Speaking at the English LMCs conference in London, the BMA's top GP demanded an end to 'sticking plaster solutions' for general practice in England.
In a speech just a day after prime minister Theresa May set out plans to use the NHS budget increase to deliver a £3.5bn real-terms increase in funding for primary and community care, Dr Vautrey warned that this must translate into 'real, additional and recurrent investment' for general practice.
The GPC chair told LMC delegates that NHS winter pressure is a 'mythical diagnosis' - warning that for general practice the crisis is year-round.
He called on NHS England to 'get its act together' to tackle Capita's disastrous handling of primary care support services, and warned health and social care secretary Matt Hancock to back up warm words about general practice with action.
Dr Vautrey said GPC lobbying had begun to open politicians and NHS officials' eyes to the dangers posed by the rapid growth of GP at Hand.
'The pressure is on 12 months of the year, day after day,' Dr Vautrey told the conference. 'We know and experience this daily pressure in our surgeries. We know and experience the pressures on our patients as they need more care from us but we struggle with the capacity to be able to respond.
'And we know and experience the impact on our staff and colleagues, too many of whom are becoming ill themselves as they struggle with unsafe workload.'
Primary care funding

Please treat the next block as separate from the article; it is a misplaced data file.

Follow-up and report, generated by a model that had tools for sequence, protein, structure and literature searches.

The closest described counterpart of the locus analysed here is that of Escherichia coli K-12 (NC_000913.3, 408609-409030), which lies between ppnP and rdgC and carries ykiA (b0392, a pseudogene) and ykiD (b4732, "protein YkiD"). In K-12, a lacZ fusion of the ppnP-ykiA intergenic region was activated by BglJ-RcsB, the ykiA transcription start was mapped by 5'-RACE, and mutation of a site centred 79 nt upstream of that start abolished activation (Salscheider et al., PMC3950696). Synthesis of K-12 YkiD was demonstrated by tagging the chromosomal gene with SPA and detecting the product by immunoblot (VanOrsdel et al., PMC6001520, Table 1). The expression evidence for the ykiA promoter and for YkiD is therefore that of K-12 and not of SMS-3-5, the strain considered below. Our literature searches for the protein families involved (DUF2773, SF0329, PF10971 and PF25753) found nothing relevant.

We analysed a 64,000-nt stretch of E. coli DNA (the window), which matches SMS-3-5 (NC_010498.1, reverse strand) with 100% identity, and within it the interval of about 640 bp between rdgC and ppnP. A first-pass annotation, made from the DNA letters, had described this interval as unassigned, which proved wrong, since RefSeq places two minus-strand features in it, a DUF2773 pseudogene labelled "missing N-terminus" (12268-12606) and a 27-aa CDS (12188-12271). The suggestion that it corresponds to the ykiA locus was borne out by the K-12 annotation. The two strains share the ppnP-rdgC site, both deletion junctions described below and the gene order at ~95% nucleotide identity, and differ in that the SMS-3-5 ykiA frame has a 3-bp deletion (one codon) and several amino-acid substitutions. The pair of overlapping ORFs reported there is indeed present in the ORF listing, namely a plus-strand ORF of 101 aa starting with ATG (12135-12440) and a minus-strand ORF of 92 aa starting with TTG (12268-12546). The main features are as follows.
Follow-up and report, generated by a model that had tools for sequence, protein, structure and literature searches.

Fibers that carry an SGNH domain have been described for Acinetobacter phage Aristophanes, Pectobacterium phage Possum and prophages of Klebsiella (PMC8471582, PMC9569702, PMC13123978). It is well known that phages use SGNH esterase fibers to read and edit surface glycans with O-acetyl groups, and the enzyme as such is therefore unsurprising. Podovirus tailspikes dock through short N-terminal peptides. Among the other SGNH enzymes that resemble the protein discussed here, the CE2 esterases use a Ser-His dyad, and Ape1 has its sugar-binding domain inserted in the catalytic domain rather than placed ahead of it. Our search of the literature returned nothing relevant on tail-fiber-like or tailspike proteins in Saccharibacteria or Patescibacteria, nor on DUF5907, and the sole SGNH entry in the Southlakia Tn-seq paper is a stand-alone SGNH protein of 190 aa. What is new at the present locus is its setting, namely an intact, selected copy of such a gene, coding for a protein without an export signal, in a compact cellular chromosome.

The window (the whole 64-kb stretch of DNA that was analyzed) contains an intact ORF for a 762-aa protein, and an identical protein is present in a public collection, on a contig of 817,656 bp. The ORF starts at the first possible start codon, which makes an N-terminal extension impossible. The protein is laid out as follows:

He revealed that the GPC has scheduled meetings with DHSC officials to 'drill down into the detail' of how the £3.5bn pledged for primary and community care will benefit GPs - and pointed to warnings from health economists that the investment was not enough to do more than allow services to 'stand still'.
The GPC chair hit out at how GPs have been forced to jump through bureaucratic hoops to access new funding promised to the profession, and warned this must not continue.
'We cannot accept essential funding used for another hundred micro schemes that wrap us up in bureaucracy, leave practices wondering where the money has gone and patients no better off,' Dr Vautrey said. 'We must see new funding used effectively, with practices in control so that we can start to address workload pressures and deliver a safer service to our patients.'
Dr Vautrey pointed to the 'unmitigated disaster' that has unfolded since Capita assumed control of primary care support services in 2015, and highlighted its most recent high profile problem - a failure to send thousands of patients letters about cervical screening.
'How bad can it get before NHS England gets its act together and sorts out a mess that they created? They can outsource a service but they cannot outsource their responsibility,' Dr Vautrey said.
Short-term solutions risk undermining general practice further, the GPC chair warned. 'We need nothing less than a properly funded NHS built on the solid bedrock of a thriving general practice,' he told LMCs.
An NHS England spokesperson pointed to GP workforce data out this week that show the decline in GP numbers has come to a halt.
The spokesperson added: 'The prime minister’s announcement of £3.5bn more for primary care and community care is another clear sign of the vital importance of these services and general practice will be absolutely central to the forthcoming long-term plan for the NHS.'